Introduction. Non-Hodgkin's lymphoma (NHL) is the fifth most common cancer in the United States. B-cell lymphoma accounts for 80-90% of NHL cases. Younger age at cancer diagnosis is associated with higher survival rates. However, younger cancer survivors may experience accelerated aging due to the cancer treatment that they undergo. The aim of this population-based study is to estimate long-term cardiovascular risk among younger and older adult NHL survivors compared to their respective general population cohorts.
Methods. B-cell non-Hodgkin's lymphoma (B-NHL) survivors diagnosed from 1997 to 2015 in the Utah Cancer Registry were matched with up to five cancer-free individuals on birth year, sex, birth state, using the statewide Utah Population Database. Electronic medical records and statewide healthcare facility data were used to identify disease outcomes 5 years or more after cancer diagnosis. Cox Proportional Hazards models were used to estimate hazard ratios (HR). Test for heterogeneity was used to compare the HR for the older and younger cohorts.
Results. There were 2,146 B-NHL survivors (1,284 diagnosed <65 years old and 862 diagnosed ≥65 years old) and 13,880 individuals from the general population ≥5 years after cancer diagnosis. Both younger and older B-NHL survivors had elevated risks for congestive heart failure, respectively (HRyounger = 1.65, 99% CI = 1.07-2.56; HRolder = 1.40, 99% CI = 1.01-1.96) compared to their respective general population cohorts. The younger B-NHL cohort had higher relative risks for chronic rheumatic disease of the heart valves (HRyounger = 2.87, 99% CI=1.64-5.02; HRolder=1.17, 99% CI=0.73-1.90; p-valueheterogeneity = 0.017), peri-; endo-; and myocarditis (HRyounger =2.26, 99%CI=1.34-3.79; HRolder = 0.80, 99% CI=0.46-1.39; p-value heterogeneity = 0.007), and cardiomyopathy (HRyounger=2.14, 99%CI=1.18-3.91; HRolder=0.93, 99%CI=0.51-1.72; p-valueheterogeneity= 0.056) than the older cohort. For other CVD outcomes, increased risks were observed in the younger B-NHL survivors and not in the older B-NHL survivors, but these differences were not statistically significant. Smoking and baseline obesity were major long-term risk factors of heart disease among younger B-NHL survivors. First course cancer treatment was not associated with cardiovascular disease risks ≥5 years after cancer diagnosis among B-NHL survivors.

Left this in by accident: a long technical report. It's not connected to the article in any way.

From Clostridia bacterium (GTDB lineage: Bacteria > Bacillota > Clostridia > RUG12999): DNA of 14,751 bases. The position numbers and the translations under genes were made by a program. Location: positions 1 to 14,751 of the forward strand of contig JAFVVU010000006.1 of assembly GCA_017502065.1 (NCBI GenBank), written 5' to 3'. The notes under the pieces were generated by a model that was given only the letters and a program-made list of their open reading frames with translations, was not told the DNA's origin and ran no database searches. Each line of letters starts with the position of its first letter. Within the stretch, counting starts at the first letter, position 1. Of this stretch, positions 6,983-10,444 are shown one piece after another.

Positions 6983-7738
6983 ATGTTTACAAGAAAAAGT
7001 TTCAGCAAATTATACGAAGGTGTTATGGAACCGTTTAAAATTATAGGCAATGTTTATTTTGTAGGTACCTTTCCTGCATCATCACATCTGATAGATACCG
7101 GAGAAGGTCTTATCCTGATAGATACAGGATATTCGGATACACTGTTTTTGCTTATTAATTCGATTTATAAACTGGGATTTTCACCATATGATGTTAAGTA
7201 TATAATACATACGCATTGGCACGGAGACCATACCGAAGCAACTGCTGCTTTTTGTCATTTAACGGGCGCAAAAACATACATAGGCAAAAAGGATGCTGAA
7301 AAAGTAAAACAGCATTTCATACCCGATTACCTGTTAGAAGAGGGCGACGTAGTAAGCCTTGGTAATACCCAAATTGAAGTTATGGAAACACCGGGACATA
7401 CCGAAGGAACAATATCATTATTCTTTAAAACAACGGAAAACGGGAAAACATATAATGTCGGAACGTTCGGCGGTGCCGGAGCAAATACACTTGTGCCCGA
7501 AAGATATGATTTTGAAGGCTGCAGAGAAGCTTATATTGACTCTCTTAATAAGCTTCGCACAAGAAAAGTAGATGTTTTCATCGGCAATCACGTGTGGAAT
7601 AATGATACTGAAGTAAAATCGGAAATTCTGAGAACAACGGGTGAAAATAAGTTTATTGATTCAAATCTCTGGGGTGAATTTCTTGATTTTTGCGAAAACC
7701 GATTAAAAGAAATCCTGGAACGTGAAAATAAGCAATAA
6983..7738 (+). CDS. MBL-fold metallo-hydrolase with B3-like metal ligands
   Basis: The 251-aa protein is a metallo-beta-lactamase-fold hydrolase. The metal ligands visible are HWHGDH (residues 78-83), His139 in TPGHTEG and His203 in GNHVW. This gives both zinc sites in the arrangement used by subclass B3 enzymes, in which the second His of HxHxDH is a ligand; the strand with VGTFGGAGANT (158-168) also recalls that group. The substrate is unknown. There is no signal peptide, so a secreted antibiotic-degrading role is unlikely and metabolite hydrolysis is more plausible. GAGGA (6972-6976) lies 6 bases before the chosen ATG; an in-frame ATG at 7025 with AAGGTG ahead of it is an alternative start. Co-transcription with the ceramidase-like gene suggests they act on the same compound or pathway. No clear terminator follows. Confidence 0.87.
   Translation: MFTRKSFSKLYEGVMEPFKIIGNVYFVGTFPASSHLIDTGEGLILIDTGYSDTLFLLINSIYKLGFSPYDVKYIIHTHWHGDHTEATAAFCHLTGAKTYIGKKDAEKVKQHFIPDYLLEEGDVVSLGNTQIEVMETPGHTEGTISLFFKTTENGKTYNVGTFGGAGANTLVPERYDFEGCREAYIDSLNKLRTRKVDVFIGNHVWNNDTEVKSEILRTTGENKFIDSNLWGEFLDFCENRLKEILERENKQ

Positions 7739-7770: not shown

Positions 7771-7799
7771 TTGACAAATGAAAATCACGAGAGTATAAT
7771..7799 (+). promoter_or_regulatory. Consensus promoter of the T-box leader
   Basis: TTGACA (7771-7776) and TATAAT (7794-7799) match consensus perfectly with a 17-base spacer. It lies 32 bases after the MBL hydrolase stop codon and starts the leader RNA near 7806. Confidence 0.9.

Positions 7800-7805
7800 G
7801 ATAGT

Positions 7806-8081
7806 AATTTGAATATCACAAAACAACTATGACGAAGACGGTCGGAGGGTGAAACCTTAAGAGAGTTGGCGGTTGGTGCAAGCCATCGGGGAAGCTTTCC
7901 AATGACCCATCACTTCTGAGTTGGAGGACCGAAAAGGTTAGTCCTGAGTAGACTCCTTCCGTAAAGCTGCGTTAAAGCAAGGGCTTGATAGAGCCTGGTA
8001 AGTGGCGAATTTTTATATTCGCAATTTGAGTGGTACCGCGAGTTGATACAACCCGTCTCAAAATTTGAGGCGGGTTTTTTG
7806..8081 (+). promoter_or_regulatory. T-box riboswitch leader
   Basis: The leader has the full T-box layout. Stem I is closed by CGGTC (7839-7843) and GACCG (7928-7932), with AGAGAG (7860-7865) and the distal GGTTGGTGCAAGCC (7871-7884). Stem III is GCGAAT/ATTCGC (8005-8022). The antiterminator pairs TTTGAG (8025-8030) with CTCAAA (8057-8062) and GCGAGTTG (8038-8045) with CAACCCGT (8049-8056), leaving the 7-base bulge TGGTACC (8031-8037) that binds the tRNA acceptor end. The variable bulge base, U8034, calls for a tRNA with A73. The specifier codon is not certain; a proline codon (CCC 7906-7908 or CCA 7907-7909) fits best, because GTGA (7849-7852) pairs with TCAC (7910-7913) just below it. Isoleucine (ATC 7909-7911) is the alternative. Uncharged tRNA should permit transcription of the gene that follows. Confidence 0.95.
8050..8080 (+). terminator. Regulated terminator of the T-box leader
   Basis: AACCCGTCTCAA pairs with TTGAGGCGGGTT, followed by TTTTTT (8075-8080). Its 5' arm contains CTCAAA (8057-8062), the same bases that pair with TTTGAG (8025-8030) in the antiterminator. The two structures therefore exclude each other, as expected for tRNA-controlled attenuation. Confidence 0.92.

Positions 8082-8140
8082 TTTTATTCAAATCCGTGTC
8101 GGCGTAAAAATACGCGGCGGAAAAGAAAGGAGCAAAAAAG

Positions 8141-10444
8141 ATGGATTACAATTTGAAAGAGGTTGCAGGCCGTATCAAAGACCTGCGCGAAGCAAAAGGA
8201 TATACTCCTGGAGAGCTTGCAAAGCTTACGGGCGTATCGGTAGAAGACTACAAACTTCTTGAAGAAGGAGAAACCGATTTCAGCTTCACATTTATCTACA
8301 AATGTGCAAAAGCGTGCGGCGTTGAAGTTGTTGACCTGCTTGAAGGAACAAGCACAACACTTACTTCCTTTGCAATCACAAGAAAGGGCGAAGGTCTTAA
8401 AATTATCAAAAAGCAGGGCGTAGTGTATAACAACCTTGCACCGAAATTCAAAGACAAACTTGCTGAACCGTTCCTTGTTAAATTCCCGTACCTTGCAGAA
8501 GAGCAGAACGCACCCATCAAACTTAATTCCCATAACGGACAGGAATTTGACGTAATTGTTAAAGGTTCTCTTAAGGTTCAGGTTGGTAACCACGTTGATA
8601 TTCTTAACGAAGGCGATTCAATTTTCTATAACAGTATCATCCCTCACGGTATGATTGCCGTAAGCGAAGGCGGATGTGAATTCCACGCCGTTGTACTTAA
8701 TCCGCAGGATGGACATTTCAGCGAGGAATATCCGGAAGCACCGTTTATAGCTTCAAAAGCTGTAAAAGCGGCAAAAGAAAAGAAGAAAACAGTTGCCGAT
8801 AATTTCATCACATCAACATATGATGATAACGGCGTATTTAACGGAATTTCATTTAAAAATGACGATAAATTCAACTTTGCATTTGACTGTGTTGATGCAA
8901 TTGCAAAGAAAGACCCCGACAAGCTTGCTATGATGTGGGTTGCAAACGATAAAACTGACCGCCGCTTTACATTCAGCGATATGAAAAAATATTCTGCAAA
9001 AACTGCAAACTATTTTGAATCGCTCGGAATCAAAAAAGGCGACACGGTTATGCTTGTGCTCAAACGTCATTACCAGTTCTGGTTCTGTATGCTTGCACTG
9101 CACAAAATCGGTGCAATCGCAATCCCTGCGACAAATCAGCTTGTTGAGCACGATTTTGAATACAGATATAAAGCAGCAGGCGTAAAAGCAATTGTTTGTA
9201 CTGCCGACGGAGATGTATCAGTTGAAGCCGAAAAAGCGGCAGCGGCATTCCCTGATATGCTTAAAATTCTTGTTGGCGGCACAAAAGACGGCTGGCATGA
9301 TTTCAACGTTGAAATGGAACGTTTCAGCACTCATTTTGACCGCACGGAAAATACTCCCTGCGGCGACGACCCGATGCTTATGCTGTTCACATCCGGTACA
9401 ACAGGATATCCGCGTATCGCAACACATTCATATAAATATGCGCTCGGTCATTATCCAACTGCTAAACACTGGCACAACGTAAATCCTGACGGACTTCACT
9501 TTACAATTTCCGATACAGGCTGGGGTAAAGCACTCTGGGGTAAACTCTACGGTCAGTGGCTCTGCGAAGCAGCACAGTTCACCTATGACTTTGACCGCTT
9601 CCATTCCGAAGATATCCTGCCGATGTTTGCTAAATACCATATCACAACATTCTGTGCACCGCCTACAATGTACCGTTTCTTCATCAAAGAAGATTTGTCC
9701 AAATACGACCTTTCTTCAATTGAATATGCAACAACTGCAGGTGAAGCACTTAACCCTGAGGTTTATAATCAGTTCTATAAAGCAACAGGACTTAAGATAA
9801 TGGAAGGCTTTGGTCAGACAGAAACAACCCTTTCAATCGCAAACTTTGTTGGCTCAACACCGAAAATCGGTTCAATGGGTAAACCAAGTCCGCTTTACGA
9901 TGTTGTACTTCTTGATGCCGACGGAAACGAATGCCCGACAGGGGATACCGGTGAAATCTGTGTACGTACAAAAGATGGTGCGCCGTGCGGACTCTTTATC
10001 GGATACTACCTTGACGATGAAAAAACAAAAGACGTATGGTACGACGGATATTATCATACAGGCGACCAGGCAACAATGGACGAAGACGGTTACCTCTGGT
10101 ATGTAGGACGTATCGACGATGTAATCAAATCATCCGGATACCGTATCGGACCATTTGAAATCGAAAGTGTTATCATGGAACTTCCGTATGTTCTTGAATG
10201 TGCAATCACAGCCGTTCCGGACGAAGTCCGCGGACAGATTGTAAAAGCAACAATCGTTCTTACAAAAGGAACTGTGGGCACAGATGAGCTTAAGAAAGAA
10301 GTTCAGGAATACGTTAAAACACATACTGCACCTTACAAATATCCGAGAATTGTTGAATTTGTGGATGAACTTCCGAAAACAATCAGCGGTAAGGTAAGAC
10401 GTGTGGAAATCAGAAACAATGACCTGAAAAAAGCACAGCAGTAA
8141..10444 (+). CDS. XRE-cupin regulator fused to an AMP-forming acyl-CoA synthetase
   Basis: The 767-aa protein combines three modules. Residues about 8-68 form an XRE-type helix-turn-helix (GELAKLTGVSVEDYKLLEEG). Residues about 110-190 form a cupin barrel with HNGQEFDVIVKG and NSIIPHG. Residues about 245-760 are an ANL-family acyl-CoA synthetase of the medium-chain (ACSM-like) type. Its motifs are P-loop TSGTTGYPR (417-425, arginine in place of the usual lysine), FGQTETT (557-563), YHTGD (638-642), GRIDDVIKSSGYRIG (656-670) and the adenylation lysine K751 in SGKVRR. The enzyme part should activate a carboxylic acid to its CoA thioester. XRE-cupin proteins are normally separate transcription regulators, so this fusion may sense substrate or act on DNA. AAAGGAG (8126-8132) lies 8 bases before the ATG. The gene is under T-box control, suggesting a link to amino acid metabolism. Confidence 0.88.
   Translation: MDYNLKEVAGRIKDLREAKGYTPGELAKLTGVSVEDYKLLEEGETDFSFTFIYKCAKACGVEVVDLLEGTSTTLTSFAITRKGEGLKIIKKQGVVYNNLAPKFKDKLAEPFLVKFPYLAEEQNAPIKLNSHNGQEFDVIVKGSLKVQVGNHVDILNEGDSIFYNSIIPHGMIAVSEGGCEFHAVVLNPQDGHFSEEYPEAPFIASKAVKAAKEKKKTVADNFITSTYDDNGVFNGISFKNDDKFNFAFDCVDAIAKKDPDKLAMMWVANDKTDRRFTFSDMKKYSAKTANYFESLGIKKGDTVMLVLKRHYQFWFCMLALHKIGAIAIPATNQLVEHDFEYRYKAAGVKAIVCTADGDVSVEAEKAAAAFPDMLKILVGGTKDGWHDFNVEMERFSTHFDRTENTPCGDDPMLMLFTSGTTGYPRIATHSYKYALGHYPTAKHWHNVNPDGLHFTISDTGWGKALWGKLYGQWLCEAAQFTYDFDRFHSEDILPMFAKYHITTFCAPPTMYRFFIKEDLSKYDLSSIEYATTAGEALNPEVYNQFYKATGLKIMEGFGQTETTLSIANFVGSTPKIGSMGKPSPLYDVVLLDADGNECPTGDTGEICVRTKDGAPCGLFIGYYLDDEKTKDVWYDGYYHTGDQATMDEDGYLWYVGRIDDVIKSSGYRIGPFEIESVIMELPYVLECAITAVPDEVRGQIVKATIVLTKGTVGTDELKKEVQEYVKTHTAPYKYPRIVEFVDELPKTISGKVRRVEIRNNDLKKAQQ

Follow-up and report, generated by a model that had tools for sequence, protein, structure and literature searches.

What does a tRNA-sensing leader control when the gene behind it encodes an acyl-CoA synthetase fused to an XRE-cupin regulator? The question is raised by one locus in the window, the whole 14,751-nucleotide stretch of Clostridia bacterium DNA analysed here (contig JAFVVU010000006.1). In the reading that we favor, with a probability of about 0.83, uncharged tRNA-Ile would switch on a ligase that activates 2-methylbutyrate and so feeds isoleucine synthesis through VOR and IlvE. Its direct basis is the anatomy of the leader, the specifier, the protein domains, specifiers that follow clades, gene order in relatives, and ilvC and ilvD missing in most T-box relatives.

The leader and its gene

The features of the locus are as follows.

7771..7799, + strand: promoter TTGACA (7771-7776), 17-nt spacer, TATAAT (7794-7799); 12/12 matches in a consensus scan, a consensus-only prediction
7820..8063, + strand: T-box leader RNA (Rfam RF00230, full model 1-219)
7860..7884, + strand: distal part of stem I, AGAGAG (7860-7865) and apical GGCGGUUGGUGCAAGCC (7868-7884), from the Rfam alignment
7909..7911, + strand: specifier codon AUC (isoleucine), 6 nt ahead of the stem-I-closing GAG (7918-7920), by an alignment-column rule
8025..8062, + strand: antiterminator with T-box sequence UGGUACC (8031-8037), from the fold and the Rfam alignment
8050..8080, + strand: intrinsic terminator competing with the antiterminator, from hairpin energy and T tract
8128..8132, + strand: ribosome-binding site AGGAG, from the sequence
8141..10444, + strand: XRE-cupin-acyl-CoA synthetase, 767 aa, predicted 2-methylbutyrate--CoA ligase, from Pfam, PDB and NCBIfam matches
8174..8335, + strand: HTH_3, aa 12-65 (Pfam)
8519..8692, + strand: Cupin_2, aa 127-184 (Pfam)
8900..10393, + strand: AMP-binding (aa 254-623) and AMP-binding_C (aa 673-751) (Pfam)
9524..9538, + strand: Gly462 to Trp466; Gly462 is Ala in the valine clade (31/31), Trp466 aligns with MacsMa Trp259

Conclusion. Elevated long-term risk for congestive heart failure was observed in B-NHL survivors compared to the general population. Younger B-NHL survivors had higher relative risks than older B-NHL survivors for chronic rheumatic heart disease, peri-; endo-; and myocarditis, and cardiomyopathy compared to their respective general population cohort groups. Although these increased disease risks suggest some early aging for young B-NHL survivors, most cardiovascular disease risks were not different between the two age groups.
Citation Format: Krista Ocier, Sarah Abdelaziz, Seungmin Kim, Kerry Rowe, John Snyder, Vikrant Deshmukh, Michael Newman, Alison Fraser, Ken Smith, Kimberly Herget, Christy Porucznik, Kimberley Shoaf, Joseph Stanford, Catherine Lee, Mia Hashibe. Cardiovascular disease risks in younger and older B-cell non-Hodgkin's lymphoma survivors [abstract]. In: Proceedings of the Annual Meeting of the American Association for Cancer Research 2020; 2020 Apr 27-28 and Jun 22-24. Philadelphia (PA): AACR; Cancer Res 2020;80(16 Suppl):Abstract nr 5803.